Writing this, I realize how few tracks this seems, but each one seemed to last for many minutes, as these accomplished musicians soloed, improvised and played around the different themes of each song. It was music that touched on the transcendent, the numinous. Spirituality is such a loaded word these days, that I'm almost embarrassed to use it. To me, it describes that which is about the mystery of life; that spirit that quickens all our flesh, what it means to be alive. This music undercut my rational, analytical mind (which is why it's so hard to describe) and spoke to straight to that spirit. Purely and simply, it made me feel thrilled to just be alive.

Friday, 15 April 2011

Cave of Forgotten Dreams, and Submarine

I remember when 3D films were those at the tackier end of the cinema market, Jaws 3D to name one such product. But now everyone seems to be getting in on the 3D act, most recently revered director Werner Herzog. His Cave of Forgotten Dreams is a documentary about the Chauvet caves in southern France. These caves, named after their discoverer, Jean-Marie Chauvet, the explorer who stumbled across them in 1994, are a prehistoric wonderland of cave paintings dating back almost 35,000 years.

Herzog was given privileged access to the caves in order to make this film, but could only use a camera crew of four and minimal lighting rig. The film's stars are as much the archaeologists, art historians and paleontologists who are researching the cave as the paintings themselves. The 3D effect is a bit of a distraction at first, especially since the paintings themselves are two dimensional. All that really looms out from the screen are the scientists as they poke around in the caves.

The floor of the cave are littered with the bones of animals, but strangely none of humans. The theory is that people did not live out their lives there, but used the walls to record their impressions of their world, perhaps as part of religious rituals. All that remains to identify any single artist are the myriad red palm prints which dot one of the walls. It's possible to trace the path of this artist through the cave, his print is unmistakable due  to a slight deformity in his little finger.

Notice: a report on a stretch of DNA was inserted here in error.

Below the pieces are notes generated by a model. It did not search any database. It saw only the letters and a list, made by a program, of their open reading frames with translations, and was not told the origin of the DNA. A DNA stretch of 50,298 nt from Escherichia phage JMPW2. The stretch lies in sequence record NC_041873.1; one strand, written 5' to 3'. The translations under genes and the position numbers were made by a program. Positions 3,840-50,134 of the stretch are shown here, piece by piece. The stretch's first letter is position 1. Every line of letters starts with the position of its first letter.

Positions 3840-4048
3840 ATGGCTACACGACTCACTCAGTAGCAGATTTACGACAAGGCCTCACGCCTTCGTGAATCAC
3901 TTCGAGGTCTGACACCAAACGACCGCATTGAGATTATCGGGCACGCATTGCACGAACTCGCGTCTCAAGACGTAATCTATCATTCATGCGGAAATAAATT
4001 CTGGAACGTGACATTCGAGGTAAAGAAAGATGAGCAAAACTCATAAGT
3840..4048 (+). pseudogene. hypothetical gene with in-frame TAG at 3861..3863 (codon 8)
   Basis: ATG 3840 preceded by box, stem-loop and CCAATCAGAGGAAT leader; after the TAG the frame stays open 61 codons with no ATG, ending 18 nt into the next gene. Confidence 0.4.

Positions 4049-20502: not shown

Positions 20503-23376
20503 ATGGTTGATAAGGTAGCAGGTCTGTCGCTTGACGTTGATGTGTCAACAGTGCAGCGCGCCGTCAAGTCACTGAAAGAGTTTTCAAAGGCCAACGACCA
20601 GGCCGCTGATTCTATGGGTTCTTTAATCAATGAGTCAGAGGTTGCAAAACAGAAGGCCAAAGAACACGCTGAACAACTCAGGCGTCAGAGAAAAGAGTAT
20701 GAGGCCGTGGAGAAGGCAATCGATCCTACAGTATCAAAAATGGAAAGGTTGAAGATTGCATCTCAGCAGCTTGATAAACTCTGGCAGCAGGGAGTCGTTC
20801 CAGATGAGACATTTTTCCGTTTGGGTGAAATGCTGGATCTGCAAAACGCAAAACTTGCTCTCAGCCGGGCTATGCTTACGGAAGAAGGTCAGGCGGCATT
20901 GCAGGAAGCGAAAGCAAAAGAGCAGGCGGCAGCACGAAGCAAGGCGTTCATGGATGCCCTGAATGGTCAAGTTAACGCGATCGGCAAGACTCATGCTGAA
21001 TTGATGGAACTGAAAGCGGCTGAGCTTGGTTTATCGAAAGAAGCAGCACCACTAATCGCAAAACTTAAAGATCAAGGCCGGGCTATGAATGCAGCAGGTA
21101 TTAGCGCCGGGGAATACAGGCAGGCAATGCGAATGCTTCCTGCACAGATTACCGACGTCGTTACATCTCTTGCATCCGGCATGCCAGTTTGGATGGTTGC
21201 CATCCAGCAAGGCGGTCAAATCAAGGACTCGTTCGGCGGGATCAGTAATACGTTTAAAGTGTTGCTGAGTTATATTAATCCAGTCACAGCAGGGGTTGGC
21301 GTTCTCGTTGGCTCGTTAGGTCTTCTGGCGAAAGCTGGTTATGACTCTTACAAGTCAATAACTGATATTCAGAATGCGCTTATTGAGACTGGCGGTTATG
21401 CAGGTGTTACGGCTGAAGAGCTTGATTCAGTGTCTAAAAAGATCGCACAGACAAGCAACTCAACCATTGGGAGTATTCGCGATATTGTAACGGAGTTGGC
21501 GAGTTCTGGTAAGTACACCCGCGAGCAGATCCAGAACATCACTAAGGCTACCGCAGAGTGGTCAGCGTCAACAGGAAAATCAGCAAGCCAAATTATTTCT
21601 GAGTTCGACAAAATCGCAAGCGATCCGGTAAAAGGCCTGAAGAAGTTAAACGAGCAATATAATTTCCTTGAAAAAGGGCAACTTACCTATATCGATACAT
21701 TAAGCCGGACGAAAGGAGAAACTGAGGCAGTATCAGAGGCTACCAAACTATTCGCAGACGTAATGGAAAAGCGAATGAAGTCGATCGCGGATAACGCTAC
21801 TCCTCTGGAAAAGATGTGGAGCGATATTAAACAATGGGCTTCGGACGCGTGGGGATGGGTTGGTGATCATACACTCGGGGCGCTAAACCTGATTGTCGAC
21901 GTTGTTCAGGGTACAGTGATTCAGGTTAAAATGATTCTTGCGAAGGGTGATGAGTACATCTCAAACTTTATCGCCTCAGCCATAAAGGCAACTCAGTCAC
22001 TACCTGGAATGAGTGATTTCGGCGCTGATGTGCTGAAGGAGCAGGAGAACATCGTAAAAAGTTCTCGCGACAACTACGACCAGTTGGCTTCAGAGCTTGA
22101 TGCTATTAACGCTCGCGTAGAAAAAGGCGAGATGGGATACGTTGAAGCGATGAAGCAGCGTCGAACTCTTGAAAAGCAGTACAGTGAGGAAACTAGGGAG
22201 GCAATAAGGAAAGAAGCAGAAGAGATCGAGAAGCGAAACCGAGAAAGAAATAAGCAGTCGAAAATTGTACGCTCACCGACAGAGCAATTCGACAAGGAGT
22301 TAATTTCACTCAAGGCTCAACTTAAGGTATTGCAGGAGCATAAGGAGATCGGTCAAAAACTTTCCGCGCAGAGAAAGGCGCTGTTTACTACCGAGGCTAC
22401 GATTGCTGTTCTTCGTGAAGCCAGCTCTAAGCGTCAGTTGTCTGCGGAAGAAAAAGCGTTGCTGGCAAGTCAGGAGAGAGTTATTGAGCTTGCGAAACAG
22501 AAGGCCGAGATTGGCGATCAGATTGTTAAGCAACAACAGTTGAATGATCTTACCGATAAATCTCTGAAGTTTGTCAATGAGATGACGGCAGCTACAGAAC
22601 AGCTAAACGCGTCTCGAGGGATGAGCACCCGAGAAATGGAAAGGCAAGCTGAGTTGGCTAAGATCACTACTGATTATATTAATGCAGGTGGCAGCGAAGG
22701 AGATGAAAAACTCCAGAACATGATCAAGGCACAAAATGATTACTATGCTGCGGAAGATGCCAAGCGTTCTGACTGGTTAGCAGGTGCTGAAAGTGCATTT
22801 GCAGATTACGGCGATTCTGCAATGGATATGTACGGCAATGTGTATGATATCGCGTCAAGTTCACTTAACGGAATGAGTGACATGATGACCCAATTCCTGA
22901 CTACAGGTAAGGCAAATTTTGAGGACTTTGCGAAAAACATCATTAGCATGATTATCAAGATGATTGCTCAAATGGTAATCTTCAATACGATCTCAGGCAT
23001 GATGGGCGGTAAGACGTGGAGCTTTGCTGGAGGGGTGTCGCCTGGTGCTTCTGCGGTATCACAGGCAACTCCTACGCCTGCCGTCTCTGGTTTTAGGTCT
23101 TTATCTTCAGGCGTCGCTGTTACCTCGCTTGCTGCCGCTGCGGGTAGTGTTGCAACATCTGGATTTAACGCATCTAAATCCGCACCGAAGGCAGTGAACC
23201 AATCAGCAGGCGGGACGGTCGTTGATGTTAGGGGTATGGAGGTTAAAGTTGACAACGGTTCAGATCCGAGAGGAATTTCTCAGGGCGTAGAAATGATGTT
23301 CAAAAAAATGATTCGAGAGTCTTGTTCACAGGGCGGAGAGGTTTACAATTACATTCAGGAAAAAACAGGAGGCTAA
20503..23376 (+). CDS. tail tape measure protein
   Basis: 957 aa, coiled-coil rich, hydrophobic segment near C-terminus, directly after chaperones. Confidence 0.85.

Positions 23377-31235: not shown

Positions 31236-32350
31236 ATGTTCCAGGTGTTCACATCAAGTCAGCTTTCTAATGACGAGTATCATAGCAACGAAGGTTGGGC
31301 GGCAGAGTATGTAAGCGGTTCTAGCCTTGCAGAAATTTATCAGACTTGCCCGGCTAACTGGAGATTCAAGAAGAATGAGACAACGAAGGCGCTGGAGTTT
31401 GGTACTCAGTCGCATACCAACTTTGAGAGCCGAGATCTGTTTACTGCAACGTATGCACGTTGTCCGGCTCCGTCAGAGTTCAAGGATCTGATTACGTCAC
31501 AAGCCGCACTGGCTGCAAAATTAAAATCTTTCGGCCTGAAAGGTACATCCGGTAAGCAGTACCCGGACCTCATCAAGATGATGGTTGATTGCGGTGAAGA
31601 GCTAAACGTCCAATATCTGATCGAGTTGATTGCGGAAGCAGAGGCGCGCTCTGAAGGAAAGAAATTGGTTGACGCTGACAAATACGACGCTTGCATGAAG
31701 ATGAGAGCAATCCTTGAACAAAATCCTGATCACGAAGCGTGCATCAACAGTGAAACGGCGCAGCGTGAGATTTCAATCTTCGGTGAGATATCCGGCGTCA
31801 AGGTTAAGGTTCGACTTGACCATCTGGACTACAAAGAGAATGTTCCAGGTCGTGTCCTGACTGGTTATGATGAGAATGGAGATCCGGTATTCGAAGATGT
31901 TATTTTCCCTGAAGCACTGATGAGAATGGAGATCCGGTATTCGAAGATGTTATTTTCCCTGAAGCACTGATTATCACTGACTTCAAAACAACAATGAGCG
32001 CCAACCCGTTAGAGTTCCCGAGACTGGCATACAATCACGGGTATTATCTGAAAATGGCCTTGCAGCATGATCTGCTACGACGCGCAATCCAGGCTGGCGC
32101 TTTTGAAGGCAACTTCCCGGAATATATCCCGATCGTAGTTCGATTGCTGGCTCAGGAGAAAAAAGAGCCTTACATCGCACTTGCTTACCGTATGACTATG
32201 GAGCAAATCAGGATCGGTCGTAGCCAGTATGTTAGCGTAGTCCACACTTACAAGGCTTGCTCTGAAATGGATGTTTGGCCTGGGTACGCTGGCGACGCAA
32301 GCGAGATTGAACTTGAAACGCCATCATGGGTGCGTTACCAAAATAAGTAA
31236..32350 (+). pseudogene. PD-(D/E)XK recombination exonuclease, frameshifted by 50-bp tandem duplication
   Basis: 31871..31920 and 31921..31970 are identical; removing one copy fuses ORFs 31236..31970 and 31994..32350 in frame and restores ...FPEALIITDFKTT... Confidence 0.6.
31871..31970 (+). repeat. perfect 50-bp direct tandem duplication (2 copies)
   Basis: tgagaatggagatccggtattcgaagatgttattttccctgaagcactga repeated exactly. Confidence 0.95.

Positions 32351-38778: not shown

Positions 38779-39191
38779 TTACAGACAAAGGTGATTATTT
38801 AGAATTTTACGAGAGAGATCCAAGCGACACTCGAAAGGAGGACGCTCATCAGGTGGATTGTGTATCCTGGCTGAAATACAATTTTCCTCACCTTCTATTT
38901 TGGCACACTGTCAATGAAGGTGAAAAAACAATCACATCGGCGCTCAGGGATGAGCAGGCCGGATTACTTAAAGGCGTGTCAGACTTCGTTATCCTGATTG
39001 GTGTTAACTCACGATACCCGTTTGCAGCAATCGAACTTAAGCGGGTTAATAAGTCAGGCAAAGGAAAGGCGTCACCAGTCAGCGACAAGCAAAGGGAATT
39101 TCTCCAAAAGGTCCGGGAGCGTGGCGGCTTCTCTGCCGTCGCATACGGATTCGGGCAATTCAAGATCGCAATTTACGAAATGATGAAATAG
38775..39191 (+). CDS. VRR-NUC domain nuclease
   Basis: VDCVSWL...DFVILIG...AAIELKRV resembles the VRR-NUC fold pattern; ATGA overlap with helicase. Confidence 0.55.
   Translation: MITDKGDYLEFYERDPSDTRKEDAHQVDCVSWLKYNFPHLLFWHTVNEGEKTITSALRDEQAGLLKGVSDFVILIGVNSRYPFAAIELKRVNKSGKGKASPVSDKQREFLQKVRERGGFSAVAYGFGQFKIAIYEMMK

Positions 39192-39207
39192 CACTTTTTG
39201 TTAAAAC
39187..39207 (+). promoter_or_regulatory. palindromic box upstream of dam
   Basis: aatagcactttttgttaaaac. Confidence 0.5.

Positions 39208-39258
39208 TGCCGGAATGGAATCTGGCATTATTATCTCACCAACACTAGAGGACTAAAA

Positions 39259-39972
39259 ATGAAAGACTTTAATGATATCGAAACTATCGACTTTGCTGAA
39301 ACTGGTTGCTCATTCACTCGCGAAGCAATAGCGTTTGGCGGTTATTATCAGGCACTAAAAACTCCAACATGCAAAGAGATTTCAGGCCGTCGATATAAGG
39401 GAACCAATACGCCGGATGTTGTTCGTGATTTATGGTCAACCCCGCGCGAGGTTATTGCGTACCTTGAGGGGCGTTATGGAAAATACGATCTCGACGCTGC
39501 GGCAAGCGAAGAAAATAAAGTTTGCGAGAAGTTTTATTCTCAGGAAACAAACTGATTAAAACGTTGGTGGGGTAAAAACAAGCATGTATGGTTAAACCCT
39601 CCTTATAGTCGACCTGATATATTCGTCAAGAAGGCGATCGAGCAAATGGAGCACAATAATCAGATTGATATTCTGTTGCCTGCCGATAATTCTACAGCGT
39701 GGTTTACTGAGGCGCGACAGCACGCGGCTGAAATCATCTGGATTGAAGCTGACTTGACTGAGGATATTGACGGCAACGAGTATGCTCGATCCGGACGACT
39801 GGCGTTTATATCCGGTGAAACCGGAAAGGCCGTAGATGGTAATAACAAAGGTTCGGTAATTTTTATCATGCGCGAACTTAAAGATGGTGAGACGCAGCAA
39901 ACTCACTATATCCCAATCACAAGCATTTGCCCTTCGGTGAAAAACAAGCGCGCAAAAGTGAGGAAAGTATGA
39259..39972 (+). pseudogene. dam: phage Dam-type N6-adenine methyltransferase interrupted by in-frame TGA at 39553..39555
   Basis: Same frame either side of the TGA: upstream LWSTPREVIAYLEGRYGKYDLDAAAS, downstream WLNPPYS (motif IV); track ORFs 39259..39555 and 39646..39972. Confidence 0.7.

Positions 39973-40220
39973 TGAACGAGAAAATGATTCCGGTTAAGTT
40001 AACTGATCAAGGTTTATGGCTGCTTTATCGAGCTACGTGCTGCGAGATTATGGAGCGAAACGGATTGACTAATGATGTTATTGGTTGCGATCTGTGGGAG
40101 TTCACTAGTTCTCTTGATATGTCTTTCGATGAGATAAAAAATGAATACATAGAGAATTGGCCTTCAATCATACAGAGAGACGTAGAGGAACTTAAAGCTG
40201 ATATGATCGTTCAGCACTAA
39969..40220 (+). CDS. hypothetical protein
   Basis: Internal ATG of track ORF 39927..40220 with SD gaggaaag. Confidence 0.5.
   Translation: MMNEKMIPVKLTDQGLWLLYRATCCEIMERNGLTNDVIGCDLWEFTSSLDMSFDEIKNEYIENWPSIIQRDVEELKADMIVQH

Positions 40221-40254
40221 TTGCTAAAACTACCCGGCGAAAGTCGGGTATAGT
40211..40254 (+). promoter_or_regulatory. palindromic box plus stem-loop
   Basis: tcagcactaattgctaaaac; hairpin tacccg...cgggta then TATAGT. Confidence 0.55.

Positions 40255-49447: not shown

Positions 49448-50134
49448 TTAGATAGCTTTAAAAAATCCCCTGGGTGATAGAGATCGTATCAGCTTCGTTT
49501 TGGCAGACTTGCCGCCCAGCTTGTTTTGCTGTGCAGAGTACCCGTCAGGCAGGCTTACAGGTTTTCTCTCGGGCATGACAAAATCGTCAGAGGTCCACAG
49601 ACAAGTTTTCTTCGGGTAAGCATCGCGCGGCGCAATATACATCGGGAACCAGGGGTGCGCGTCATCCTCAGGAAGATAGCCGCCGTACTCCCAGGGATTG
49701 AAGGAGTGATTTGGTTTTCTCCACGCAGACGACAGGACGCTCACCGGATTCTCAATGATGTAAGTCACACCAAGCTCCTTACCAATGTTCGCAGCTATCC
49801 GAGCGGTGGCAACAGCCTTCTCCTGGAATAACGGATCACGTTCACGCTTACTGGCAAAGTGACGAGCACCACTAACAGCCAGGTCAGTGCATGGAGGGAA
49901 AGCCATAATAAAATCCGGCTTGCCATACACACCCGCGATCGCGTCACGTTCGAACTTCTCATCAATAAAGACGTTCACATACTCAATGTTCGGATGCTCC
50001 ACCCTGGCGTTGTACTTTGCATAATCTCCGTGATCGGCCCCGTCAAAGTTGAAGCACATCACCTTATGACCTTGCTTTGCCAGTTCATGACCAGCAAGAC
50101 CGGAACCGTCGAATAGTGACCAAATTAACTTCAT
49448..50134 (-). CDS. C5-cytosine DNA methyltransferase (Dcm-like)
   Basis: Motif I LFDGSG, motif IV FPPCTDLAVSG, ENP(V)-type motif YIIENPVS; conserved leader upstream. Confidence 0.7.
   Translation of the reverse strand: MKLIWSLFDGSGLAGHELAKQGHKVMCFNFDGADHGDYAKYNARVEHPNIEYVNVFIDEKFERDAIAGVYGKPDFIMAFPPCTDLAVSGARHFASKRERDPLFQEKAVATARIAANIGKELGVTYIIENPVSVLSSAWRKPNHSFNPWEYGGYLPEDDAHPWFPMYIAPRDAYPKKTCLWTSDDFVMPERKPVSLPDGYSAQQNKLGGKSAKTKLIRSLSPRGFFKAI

The palette of the documentary is a sombre one, of muted autumn shades (or perhaps there's a flaw with my 3D glasses). The paintings themselves are ochre and charcoal, beautiful images of horses, lions and rhinos. The best part of the film is the section near the end where the camera roams lovingly across the images to the haunting accompanying music.

There are some lovely light comic moments, courtesy of the scientists, particularly the one, clad head to toe in animal skins, who plays the Star Spangled Banner on the remains of an old bone flute found at the site, and his colleague who demonstrates his ineptitude at spear throwing. They make archaeology look such fun.

Herzog's output has been remarkably diverse over the years, from remakes such as Nosferatu, through narratives such as Aguirre Wrath of God, to documentaries such as his latest offering. Amidst this diversity it is possible to discern repeated ideas that preoccupy the film maker though, primarily the question, what does it mean to be human? Sometimes he explores this question by examining those who live at the fringes of, or who are completely alienated from, human society. For me, sometimes his explorations work, as in The Cave of Forgotten Dreams, and sometimes they don't ( The Enigma of Kasper Hauser). But I'm glad that he keeps on asking the question.